Published in Nov-Dec 2022
My mother loves the plastic containers she uses to store food items and pack my lunch. She loves them so much that when I get home from work, the first thing she asks is whether or not I have brought back the container I use as a lunch box. On the days when I forget – or lose the lid – she is not pleased.
Perhaps this is not so surprising. Most women are the key decision-makers of household purchases such as homeware. In fact, according to a CivicScience survey published in Insider Intelligence in January 2021, 70% of women make all or most household/children’s purchase decisions. No wonder they are possessive about their purchased homeware.
Interestingly, it was not until recently that I realised that the container I have been using for lunch is made by Appollo Houseware. The company was established in 1986 and is the flagship brand of Golden Enterprises – a company that manufactures plastic.
Initially, Appollo’s product portfolio included food storage containers (often referred to as Tupperware – a testament to the American brand which specialises in food storage containers). Over the decades, Appollo have increased their product range and it now includes items spread over 15 to 20 categories. These are kitchenware (microwave lids, ice cube trays and vegetable baskets), houseware (waste bins, clothing hangers and soap dishes), kid’s ware (plastic chairs, tables, baby pots and water bottles) and outdoor items (water coolers, thermoses, mugs and more recently, hotpots). Their bestselling items, however, remain plastic containers which are available in myriad shapes, colours and sizes, as well as items in their kid’s ware range.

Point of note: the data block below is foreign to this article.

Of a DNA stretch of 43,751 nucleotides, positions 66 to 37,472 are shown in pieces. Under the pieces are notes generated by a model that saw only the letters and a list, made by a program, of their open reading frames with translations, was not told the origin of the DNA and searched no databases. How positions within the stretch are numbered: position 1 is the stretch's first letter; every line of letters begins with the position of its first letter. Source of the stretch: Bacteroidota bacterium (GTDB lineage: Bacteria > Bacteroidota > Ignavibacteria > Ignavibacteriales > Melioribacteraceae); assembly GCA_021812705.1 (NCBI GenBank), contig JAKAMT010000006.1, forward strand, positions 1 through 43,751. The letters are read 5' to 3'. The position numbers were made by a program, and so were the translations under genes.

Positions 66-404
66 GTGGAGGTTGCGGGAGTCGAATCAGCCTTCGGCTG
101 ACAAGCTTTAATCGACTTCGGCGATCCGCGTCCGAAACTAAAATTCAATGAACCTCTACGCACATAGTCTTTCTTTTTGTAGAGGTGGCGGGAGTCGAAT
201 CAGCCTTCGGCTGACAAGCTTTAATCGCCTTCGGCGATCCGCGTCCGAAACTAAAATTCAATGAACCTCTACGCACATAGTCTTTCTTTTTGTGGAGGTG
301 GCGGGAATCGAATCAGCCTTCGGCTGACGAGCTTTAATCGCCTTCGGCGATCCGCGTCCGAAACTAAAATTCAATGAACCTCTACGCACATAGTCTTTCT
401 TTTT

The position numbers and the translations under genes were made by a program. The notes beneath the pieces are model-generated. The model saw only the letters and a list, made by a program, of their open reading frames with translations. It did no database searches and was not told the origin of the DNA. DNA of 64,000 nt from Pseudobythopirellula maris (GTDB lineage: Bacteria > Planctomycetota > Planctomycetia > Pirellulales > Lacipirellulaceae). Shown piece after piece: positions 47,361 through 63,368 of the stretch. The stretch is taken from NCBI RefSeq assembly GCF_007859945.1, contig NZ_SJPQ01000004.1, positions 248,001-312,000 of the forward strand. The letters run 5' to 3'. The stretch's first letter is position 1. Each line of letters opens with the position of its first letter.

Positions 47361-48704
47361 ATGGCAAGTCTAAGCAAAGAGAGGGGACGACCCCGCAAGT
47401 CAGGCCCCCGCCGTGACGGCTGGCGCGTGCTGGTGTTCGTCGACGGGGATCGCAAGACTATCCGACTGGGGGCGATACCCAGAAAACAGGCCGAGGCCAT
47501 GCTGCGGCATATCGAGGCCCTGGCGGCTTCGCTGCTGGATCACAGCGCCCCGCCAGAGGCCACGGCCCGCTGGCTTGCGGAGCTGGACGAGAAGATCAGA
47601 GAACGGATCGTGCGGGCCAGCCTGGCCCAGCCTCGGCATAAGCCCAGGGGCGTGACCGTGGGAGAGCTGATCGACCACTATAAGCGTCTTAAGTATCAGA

Despite this wide range of product offerings, Appollo continues to add to its portfolio by introducing three to four new products every month, on average. For instance, during the winter months, they introduced dry fruit trays and food warmers, and in summer, they focused on back to school supplies with newly designed lunch boxes and water bottles inspired by recently released animated films.
However, even though the brand has been around for over three decades, Appollo has only recently (2016-17, as per the brand team) started advertising the brand in earnest. The reason for this late start according to Huzaifa Khalid, Marketing Lead, Appollo, was that Apollo wanted to improve their distribution before advertising heavily. “We didn’t want the audience to see ads for our products only to not find them in the market.” Appollo is now available across the country in small-scale neighbourhood stores, those located in bazaars as well as large-scale stores such as AlFatah, Carrefour, ChaseUp, Imtiaz, Metro and Springs. They also have a “good market share” in Canada, the UAE and the US.
After ensuring nationwide distribution, they began to work towards creating brand awareness by taking a storytelling approach rather than a functional one (which was the case before), because according to Khalid “Although Appollo products are available across Pakistan and probably have a presence in every household, most people are unaware of the brand.”